What I learnt from Warren, Charlie and Terry

There are two investment events I try to watch every year. One is the Berkshire Hathaway AGM headed by arguably two of the most successful investors of all time, Warren Buffett and Charlie Munger. The other, is the Fundsmith AGM led by fund manager Terry Smith. Both demonstrate good investment practice.

Berkshire Hathaway is one of the largest investment vehicles in the world and owns a variety of brands and financial institutions. The Berkshire AGM is more than an update to shareholders, it is a pilgrimage for many investors and a showcase of all the brands that Berkshire has been invested in over several decades. Even more remarkable is that Fundsmith is not legally required to hold an AGM, but does it to keep investors informed and educate them in the ways of investment discipline.

Key points I have learnt:

  • Identifying good companies is only half the battle, buying at sensible valuation provides a margin of safety in making that investment. Ben Graham (Warren’s mentor and university professor) once said to Warren, ‘price is what you pay, value is what you get’. 
  • Fundsmith’s mantra is similar; buy good companies whose advantages are difficult to replicate and own them at the right price.
  • Warren Buffett and Charlie Munger continually talk about ‘moats’, where the business must have a defence or long term advantage over the competition. Fundamentally, it must have consistent earnings results and is easy to understand.
  • Terry Smith has raised the practice of clean accounting (reports that set out to inform rather than flatter operating performance). This is because companies often provide ‘underlying’ results to enhance operational performance by excluding exceptional items, these are not a true reflection of the business. Free cash flow is the real determinant of the value of a business and cannot be manipulated whereas earnings can. Charlie Munger once said, “99% of the problems come from being too optimistic. Therefore, we should have a system where the accounting is way more conservative.”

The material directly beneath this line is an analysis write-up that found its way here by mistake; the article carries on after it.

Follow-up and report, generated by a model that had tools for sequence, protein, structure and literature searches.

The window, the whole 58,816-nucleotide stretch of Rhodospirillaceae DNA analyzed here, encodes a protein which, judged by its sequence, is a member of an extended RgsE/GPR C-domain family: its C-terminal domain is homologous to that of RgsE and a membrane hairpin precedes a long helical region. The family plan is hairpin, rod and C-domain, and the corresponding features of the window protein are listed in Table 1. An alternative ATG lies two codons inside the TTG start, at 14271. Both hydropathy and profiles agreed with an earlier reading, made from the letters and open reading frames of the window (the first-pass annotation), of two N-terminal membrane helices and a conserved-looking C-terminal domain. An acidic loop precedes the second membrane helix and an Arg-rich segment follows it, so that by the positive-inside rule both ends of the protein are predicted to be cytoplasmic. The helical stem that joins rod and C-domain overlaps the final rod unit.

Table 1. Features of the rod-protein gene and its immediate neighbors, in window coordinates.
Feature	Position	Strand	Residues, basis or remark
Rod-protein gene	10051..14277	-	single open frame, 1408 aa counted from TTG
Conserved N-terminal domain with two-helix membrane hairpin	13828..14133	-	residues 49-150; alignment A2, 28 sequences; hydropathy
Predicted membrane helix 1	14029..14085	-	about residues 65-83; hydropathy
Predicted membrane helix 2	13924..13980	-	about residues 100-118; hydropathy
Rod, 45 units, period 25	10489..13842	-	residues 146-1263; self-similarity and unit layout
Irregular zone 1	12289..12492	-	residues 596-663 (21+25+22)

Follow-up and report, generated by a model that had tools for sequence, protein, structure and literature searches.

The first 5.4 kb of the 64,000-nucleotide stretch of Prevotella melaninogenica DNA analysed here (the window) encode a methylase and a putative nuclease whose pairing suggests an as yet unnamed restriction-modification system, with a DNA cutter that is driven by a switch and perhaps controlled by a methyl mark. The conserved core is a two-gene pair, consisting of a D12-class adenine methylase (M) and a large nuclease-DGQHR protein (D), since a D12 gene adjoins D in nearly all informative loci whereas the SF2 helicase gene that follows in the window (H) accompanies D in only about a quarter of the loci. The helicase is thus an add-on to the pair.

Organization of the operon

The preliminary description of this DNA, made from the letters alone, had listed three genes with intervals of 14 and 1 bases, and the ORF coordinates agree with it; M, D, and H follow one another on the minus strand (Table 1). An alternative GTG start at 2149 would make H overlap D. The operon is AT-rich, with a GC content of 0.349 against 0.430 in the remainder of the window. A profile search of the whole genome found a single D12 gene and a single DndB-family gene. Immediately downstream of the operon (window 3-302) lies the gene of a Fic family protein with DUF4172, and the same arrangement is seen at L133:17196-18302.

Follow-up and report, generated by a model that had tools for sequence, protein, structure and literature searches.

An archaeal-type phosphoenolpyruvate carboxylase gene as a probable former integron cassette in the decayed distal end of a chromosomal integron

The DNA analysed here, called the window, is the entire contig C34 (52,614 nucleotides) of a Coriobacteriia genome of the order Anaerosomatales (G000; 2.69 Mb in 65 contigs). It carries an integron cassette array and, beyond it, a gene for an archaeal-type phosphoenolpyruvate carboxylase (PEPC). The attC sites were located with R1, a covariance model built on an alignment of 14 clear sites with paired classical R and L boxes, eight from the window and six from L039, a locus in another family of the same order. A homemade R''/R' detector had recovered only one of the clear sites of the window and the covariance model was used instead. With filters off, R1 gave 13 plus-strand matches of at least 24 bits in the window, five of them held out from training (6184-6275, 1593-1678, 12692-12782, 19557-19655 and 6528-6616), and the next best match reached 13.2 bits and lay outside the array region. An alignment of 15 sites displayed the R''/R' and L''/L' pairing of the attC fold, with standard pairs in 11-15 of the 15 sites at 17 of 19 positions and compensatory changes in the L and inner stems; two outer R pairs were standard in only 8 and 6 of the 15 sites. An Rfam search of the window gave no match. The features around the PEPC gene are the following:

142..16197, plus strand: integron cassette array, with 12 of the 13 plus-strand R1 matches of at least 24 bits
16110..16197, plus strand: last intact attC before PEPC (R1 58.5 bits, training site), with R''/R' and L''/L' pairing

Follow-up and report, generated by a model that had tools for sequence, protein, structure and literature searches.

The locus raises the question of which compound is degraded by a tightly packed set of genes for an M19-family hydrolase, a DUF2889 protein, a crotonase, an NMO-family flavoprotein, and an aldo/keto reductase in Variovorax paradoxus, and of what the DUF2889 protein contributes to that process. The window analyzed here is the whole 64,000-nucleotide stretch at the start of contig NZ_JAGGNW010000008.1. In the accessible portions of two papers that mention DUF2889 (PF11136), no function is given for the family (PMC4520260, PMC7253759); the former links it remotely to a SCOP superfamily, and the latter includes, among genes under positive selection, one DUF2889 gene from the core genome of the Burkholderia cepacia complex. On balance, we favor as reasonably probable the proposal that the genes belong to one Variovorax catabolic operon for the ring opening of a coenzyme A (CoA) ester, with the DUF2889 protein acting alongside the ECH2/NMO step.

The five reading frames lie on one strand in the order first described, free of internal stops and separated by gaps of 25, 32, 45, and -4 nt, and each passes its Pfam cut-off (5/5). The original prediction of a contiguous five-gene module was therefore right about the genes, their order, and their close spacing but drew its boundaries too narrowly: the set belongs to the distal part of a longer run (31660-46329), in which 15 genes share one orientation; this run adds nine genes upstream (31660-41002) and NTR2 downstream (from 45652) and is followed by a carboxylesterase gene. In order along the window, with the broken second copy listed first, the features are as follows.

• Warren’s favourite investing period is forever, so an investment must have long term prospect no matter who is in charge of it. This is why Warren Buffett loves brands, they demonstrate a loyalty to the product that lasts a lifetime.
  • Fundsmith echoes this; the hardest thing about investing is to do nothing. Short term investing has higher transaction costs than taking a long term investment horizon and is unlikely to offer superior returns. Recent events such as Brexit and election results in the United Kingdom and United States show the pitfalls of making an investment decision purely on macroeconomic and political events, forecasts are very rarely accurate.


It is clear both Berkshire Hathaway and Fundsmith have a similar long term investment philosophy and a focus on the business over the state of the world economy. The ability to identify a good stable business and invest at the right price is vital to their investment philosophies. They also plan to hold investments forever, it is a valuable discipline to have, but has been underestimated by the industry. This approach benefits from compounding returns, relying on reinvestment of capital at a higher level of return than it costs and will be important for their future success.